Trigger warning: this essay discusses sexual abuse and assault.
When I saw Dave Chappelle’s skit in 2003 of a music video parodying someone named R. Kelly, I’m ashamed to admit I thought it kinda gross but also kinda funny. (My shame today wants me to not tell you this, but I won’t let it stop me.) At the time, I didn’t know why he created the video. I also didn’t try to find out. So I didn’t know it had anything to do with sexual assault victims of R. Kelly. I just cringed, hummed along to the song, and laughed. A lot. I’m now horrified I was so dismissive of Kelly’s victims, but this isn’t about me and my feelings.
If you don’t already know about it, a documentary called “Surviving R. Kelly” recently aired on Lifetime television last week. The documentary exposes Kelly as a serial and sadistic abuser of young girls and women. Highlighting interviews with women who survived his abuse, it shows how his career has been “riddled with rumors of abuse, predatory behavior, and pedophilia.” And, “[d]espite damning evidence and multiple witnesses, to date, none of these accusations have seemingly affected him.”
It’s only because I follow many Black women on social media that I became aware of this documentary. In addition to the palpable pain and outrage the women expressed, I saw anger at white people’s silence. Anger at how we didn’t listen, didn’t see, didn’t hear when Black girls and women told us about the abuse.
Or this powerful tweet thread (several tweets connected together) by @DrSamiSchalk:
I tried to answer her questions (in my mind). Because I’m a sexual abuse and assault survivor myself, I certainly had thoughts about his predatory behavior, but it didn’t feel right to tweet about it. Why? Because he’s Black. I’m not saying I think it’s racist to bring awareness to his crimes, but I am saying part of me preferred speaking up about white perpetrators instead of a Black one. I am sure, too, that I was afraid it would seem racist to “pick on” this particular criminal. Tweeting about Jeffrey Epstein? Sure, but a Black man? Should I really do that?
Back to Dr. Sami Schalk:
Yes, I think my fear of being racist—and in this case, I mean causing harm to people of color as an individual rather than racism as the structure on which our country is founded—my fear is sometimes stronger than my solidarity with Black women and girls. (I recommend reading the whole thread, here.).
The solution for me is not to criticize the abuser himself—though I certainly wouldn’t defend him—but to talk about the system that allowed him to continue harming Black girls. A society that doesn’t value Black girls, doesn’t hear Black girls or women when they speak, or tells them to shut up when they raise their voices loud enough that they’re harder to ignore.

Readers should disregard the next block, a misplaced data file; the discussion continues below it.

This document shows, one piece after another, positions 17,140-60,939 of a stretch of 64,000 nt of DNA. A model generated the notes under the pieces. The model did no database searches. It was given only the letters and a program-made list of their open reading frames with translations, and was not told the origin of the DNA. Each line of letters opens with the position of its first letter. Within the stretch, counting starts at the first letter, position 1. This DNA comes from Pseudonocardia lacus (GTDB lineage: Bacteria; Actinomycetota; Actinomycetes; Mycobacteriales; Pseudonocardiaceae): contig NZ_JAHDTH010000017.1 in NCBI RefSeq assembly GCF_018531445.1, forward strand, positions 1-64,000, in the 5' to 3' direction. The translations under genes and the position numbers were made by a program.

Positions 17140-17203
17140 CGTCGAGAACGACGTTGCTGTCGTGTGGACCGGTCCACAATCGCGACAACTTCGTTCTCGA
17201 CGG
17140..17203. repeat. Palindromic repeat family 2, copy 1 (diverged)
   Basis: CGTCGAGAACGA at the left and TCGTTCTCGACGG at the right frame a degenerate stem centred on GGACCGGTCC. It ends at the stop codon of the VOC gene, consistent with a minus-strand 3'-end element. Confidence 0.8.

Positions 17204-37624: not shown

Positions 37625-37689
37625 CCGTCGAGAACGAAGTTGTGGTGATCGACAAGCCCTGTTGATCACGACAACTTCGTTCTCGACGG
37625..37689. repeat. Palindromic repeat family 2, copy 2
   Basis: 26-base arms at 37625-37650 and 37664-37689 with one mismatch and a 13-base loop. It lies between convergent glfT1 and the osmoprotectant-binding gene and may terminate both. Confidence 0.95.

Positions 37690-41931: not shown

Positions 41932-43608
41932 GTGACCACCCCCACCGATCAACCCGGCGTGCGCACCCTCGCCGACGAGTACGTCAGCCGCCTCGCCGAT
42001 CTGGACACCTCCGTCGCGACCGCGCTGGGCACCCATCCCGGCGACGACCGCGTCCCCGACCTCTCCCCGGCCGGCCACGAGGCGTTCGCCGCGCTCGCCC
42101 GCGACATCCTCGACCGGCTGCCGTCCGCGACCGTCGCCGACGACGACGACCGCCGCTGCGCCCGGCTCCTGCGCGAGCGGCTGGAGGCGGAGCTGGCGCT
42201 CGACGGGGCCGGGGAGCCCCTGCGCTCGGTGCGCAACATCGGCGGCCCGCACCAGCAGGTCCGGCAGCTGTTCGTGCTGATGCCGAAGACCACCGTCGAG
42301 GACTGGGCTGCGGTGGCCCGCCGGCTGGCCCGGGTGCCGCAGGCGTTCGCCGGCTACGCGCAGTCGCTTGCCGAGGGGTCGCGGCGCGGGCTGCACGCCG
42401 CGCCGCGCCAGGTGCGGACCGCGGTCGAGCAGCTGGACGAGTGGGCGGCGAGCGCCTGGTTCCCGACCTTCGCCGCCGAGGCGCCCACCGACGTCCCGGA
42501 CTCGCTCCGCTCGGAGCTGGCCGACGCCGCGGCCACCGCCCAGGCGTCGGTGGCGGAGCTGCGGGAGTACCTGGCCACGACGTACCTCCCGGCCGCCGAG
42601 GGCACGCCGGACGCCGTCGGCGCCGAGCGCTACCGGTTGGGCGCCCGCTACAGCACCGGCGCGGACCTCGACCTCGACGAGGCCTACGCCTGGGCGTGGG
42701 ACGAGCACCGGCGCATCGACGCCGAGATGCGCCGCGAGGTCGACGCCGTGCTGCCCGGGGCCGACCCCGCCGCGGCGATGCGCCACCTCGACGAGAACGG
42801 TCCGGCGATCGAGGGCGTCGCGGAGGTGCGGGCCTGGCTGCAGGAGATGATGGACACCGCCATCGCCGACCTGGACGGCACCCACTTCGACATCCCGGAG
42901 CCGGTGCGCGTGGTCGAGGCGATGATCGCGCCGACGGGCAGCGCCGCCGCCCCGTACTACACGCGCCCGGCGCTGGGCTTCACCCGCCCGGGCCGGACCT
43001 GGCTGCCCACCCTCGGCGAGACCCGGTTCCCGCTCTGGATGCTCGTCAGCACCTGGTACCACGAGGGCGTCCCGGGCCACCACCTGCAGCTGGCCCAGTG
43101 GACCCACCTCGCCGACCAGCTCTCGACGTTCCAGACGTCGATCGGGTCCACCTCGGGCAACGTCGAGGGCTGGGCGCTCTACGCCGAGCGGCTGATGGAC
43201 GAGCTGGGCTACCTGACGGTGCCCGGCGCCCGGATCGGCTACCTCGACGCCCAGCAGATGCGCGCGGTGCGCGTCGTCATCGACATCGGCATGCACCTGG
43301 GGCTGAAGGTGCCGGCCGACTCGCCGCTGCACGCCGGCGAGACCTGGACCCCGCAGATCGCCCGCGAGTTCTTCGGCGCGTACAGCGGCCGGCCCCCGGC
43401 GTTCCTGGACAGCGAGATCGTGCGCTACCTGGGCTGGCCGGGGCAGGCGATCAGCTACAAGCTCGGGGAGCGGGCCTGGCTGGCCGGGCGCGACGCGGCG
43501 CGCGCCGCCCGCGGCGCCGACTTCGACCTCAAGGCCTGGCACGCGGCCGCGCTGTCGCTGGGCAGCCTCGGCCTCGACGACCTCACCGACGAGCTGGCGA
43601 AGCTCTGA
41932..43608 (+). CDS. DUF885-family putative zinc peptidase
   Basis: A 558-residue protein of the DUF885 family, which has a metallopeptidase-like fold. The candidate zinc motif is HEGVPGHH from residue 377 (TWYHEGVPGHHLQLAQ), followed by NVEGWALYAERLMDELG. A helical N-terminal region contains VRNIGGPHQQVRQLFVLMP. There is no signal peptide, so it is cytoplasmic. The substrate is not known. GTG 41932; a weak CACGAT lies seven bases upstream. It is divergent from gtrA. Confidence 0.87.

So many people were just like me, laughing along with Dave Chappelle. (Chappelle even went as far as saying 15-year-olds are old enough to offer informed consent to sexual acts with an adult.) Again, I won’t let my shame about the truth silence me: It must be that I didn’t care enough about Black girls and women to notice what they were saying.
It’s because of this that I will be talking with people about the systems that allowed Kelly to abuse these girls and young women. Twitter white woman Erynn Brook has some good thoughts on how to be white and against R. Kelly. The #MeToo movement, started by Tarana Burke, a Black woman, is a movement that stands against all abusers. But the truth is, not all survivors are treated equally. I will actively make sure my fellow white people know about “Surviving R. Kelly,” bringing to their awareness how our society has especially let down Black girls and women. Yes, all abuse is bad. But we’ve got to start recognizing that all survivors are equally deserving of our response; that thus far we haven’t acted like that is true. We need to care about Black girls and women more. We need to do more for and with Black girls and women so we can, together, destroy misogynoir.
If you want to learn more, check out Feminista Jones’ “Surviving R. Kelly’ and the Inherent Violence of Being a Black Woman;” this piece by Morgan Jenkins in Teen Vogue, “R. Kelly and Other Powerful Men Have Always Manipulated Their Teen Fans;” or, especially, this piece that includes viewing advice for those of us who haven’t yet seen the documentary: “After Surviving R. Kelly, What Now? How About Trusting Survivors and Dismantling Systemic Misogynoir?”
If this piece or this blog resonates with you, please consider a one-time “tip” or become a monthly “patron”…this space runs on love and reader support. Want more BGIM? Consider booking me to speak with your group or organization.
Comments will close on this post in 60-90 days; earlier if there are spam attacks or other nonsense.